There are many benefits of overnight transit. You kill two birds with one stone by paying for transport plus a night of accommodation in a single cost, and your time sleeping is spent productively whisking you away to your next destination, and you wake up refreshed and ready to venture into a new city. Unless, that is, your luck runs out and you don’t get a bed in the sleeper carriage and are forced to sleep in the ‘reclining seat’ class. It was described as being like business class in a plane, which really meant “You have lots of leg room but the seats are still terribly uncomfortable and actually nothing like business class on a plane”. I had fallen asleep in France and woken up in Spain, but not without the accompanying neck pain and stiff, sore legs that were the result of an inability to find a comfortable sleeping position. I would have been a little more annoyed if it hadn’t been for the fact I’d just arrived in one of my most highly anticipated destinations: Barcelona.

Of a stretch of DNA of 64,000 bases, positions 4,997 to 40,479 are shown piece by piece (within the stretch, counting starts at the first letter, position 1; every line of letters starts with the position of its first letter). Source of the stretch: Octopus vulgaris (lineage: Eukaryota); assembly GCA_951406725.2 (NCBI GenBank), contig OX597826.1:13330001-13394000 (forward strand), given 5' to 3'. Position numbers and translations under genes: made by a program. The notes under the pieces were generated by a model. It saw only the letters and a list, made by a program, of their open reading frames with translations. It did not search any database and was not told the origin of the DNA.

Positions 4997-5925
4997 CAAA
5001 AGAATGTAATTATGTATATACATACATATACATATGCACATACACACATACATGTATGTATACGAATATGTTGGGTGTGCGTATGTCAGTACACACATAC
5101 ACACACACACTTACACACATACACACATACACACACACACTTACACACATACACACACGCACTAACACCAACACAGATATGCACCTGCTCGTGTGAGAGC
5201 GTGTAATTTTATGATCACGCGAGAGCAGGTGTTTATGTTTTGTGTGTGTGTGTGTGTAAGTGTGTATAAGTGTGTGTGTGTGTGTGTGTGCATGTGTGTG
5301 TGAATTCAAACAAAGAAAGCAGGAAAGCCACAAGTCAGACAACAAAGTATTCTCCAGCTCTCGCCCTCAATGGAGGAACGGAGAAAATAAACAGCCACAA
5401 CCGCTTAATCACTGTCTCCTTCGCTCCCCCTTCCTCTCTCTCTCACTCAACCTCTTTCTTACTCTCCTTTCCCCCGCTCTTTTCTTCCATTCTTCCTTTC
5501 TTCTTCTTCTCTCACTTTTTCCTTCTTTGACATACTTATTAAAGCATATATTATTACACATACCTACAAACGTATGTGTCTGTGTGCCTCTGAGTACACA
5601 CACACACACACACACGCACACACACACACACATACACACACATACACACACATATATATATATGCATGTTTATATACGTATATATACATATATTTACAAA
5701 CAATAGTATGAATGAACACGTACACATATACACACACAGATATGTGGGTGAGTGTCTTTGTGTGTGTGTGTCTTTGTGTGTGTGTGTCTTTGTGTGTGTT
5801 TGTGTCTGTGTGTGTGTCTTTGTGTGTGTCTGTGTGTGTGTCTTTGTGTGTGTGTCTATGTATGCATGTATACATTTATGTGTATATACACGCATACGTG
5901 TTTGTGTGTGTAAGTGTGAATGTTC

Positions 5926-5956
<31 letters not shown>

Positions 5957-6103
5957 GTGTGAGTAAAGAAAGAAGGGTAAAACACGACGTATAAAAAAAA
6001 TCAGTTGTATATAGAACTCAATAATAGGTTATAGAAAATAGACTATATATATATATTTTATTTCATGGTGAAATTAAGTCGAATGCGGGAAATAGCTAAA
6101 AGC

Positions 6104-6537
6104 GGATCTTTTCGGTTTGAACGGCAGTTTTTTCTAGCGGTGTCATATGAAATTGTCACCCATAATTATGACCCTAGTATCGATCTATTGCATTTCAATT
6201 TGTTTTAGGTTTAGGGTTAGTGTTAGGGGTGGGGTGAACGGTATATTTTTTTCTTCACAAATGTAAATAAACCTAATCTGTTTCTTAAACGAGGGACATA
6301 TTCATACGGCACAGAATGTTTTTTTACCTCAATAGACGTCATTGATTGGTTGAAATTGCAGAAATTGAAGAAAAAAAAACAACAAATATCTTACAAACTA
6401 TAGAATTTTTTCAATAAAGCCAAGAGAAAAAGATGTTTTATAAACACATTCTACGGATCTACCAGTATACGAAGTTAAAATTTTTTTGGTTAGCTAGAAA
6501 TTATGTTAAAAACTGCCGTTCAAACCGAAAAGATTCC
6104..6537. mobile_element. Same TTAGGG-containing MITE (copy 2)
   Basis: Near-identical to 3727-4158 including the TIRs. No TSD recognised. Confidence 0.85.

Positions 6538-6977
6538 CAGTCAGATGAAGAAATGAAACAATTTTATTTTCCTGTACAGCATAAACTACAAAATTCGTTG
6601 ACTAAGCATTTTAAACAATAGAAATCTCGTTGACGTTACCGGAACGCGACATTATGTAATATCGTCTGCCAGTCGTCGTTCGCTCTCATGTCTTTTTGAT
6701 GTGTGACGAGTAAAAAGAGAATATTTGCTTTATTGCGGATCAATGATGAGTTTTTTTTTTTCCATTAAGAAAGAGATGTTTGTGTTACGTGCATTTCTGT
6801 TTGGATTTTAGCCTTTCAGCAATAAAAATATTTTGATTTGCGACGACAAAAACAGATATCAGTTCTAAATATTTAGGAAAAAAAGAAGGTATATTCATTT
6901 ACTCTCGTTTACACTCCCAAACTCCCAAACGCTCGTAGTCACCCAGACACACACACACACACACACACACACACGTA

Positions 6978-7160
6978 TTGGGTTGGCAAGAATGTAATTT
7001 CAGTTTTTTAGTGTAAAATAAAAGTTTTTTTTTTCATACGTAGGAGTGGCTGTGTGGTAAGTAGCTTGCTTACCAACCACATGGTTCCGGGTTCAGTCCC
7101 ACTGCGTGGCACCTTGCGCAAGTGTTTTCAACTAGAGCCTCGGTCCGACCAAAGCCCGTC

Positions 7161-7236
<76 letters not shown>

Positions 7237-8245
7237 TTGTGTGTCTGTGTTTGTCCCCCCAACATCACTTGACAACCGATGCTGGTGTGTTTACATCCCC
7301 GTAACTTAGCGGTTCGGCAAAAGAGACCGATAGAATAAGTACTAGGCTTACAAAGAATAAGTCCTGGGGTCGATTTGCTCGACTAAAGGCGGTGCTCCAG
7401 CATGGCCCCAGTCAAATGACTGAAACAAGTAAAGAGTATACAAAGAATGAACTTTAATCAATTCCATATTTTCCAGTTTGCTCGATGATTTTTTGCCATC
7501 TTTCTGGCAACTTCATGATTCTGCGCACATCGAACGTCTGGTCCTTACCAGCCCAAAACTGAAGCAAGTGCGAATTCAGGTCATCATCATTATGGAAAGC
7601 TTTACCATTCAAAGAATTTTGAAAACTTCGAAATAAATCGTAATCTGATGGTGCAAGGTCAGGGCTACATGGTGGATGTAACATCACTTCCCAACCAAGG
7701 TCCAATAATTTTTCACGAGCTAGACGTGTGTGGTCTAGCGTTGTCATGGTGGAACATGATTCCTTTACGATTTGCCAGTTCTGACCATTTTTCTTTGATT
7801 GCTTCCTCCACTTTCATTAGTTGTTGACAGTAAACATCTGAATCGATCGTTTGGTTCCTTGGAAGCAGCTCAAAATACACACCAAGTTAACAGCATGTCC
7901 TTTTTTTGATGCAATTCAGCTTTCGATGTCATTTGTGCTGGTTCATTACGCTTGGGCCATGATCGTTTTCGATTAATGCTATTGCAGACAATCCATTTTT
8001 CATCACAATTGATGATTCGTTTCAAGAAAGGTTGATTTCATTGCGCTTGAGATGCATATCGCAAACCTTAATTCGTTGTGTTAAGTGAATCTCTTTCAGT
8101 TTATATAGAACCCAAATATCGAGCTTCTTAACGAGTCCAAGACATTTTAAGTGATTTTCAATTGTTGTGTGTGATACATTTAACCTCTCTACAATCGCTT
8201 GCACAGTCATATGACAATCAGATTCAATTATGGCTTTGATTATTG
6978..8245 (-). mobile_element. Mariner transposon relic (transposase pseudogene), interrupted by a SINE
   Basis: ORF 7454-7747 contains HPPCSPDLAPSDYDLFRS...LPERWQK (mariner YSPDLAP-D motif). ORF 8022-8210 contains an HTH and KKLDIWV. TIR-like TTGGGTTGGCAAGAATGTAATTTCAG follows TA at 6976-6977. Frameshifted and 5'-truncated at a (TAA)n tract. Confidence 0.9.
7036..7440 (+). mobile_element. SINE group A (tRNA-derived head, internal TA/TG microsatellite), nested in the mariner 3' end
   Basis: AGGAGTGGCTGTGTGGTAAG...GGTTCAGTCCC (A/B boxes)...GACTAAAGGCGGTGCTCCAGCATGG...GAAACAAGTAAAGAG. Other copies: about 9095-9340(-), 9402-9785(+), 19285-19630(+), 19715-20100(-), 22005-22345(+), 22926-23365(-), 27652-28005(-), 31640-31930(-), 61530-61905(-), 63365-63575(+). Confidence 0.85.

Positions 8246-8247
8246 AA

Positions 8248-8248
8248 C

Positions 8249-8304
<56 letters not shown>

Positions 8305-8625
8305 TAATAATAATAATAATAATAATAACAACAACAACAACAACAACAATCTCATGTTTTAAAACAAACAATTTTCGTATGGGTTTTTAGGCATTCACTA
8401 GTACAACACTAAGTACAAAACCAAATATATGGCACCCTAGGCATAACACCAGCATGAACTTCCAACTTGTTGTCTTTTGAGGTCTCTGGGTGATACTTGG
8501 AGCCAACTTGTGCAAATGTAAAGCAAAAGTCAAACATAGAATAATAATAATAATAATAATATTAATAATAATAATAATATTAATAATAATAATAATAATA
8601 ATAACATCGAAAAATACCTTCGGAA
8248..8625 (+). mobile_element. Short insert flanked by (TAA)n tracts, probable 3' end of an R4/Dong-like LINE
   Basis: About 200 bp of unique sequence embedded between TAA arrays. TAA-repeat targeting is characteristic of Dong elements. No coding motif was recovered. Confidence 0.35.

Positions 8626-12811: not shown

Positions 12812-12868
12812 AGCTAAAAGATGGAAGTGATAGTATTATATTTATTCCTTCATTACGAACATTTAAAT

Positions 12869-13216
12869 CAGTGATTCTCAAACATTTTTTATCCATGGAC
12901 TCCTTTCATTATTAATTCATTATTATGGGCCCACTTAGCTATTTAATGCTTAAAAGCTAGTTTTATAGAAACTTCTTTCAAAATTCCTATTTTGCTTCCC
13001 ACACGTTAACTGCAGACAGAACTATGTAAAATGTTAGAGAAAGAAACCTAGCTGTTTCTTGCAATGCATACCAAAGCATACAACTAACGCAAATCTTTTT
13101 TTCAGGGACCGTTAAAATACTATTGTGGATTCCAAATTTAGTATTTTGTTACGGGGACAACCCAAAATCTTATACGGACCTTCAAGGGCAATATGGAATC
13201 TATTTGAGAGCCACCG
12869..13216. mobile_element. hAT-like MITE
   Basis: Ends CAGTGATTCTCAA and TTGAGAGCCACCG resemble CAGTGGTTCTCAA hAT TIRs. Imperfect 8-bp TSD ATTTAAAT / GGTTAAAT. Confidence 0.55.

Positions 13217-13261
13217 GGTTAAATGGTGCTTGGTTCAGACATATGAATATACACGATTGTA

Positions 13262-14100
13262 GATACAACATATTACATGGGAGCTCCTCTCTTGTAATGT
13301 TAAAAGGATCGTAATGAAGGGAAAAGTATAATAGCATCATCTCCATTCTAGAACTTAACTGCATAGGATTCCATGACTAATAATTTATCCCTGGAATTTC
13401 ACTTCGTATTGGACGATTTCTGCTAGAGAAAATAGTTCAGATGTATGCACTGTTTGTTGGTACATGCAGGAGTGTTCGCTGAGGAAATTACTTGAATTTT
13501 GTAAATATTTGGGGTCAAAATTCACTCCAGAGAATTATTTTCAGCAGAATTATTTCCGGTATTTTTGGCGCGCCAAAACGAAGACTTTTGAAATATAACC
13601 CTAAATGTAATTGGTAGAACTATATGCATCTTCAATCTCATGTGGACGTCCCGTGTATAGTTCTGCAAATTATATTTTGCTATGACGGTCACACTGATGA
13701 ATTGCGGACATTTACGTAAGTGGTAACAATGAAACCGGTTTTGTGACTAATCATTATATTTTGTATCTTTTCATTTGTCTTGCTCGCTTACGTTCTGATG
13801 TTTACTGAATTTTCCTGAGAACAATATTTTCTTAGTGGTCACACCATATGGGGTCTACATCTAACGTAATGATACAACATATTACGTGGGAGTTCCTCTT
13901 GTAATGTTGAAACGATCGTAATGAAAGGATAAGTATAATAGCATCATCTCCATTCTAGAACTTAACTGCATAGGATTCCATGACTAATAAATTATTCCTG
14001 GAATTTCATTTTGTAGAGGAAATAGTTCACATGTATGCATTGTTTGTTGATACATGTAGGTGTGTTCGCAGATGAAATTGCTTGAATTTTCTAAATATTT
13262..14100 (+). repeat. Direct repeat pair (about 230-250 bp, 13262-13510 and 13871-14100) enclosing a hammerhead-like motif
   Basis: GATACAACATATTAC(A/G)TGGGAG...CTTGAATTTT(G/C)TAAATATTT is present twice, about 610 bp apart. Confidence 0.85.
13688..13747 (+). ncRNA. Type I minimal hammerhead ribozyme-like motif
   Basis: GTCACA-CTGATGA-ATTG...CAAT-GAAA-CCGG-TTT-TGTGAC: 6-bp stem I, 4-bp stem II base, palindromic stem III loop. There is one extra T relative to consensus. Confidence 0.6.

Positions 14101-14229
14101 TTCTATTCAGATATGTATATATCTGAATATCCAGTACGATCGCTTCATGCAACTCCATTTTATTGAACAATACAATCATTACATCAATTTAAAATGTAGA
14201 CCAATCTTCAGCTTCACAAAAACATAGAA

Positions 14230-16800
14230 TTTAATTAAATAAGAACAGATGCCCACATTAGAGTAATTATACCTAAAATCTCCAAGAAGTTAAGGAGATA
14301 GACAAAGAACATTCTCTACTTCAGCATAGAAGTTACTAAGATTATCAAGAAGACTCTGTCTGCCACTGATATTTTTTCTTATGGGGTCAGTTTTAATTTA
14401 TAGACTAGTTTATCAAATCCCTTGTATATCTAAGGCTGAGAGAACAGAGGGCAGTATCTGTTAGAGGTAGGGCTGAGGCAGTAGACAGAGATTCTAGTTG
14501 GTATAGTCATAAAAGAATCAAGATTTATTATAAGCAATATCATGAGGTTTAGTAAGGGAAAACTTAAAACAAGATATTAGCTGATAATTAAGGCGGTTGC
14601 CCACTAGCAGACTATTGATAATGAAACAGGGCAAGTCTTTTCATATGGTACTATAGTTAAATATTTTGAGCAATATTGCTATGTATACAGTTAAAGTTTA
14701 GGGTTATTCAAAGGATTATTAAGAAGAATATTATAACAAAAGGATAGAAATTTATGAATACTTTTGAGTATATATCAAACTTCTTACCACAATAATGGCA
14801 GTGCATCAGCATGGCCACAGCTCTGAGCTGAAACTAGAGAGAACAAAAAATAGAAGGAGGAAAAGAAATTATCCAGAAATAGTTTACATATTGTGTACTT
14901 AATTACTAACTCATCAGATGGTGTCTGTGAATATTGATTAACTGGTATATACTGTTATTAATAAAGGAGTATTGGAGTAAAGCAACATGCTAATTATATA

When making arrangements for staying in Barcelona, I had discovered that Rich, one of Brendon’s friends who I had met in Thailand, was also on vacation in the city. She was renting out a room through Air BnB, and fortunately there had been a second room in that apartment that I was able to rent out for myself. I’d been unsuccessful in finding any Couchsurfing hosts, and the fact that the price of my own Air BnB room would be less than the four bunk dorm in the hostel in Paris definitely made it a preferable option, so I had booked the room. When I arrived in Barcelona, I dragged myself off the train and through the sunny streets to meet Rich at the apartment. It was around 9:30am and a gorgeous day, with a sky that was a clear and cloudless blue, but the city around me only just seemed to be waking up, with limited traffic and only a few pedestrians. I would quickly learn that Spain generally runs several hours behind the conventional time of most daily events and activities. When I arrived at the apartment, I sent Rich a text message asking which apartment to buzz on the intercom. A few moments later, I heard a shout from above me. I looked up to see Rich hanging out of the window, a big smile on her face and waving down to me. She let me up into the apartment, and she introduced me to the owner of the apartment before sitting down to catch up over a little breakfast. The last time I had seen Rich, she was putting me in the back of a taxi in Bangkok and giving the driver directions in Thai. We’d both come a long way since then, so I told her all about my trip across the Trans-Siberian and Europe so far, and she described some of the beautiful sites she’d seen while she’d been vacationing in Spain. Rich was actually in Barcelona for part of a Spanish language component of her university studies, but she’d arrived early and done some traveling prior to the academic side of her holiday. However, she had been in town long enough to be able to play tour guide for me, so once we were done with breakfast we got ready and headed out to seize the day. Our apartment was right near Arc de Triomf which, having just arrived from Paris, made me do a quick double take. It seems erecting arches on the site of ones victories had been a pretty common tradition at some point in European history. Barcelona’s arch was a fraction of the size of the Parisian one, but it was a still a beautiful piece of architecture among the charming Catalonian neighbourhood. That was one thing I had underestimated before arriving in Barcelona – the desire to distinguish the west coast culture of Catalonia from the rest of Spain. “Argh, it’s so frustrating that I can’t read all the signs!” Rich had bemoaned out loud. I’d been confused at first, knowing that she basically spoke fluent Spanish, but it turns out that most of the signs were in Catalan – a distinction one could probably only make if they actually knew at least one of the two languages. It was at that point that I realised, despite a five week trip to Costa Rica followed by almost a year of language lessons, I really knew next to nothing of the Spanish language.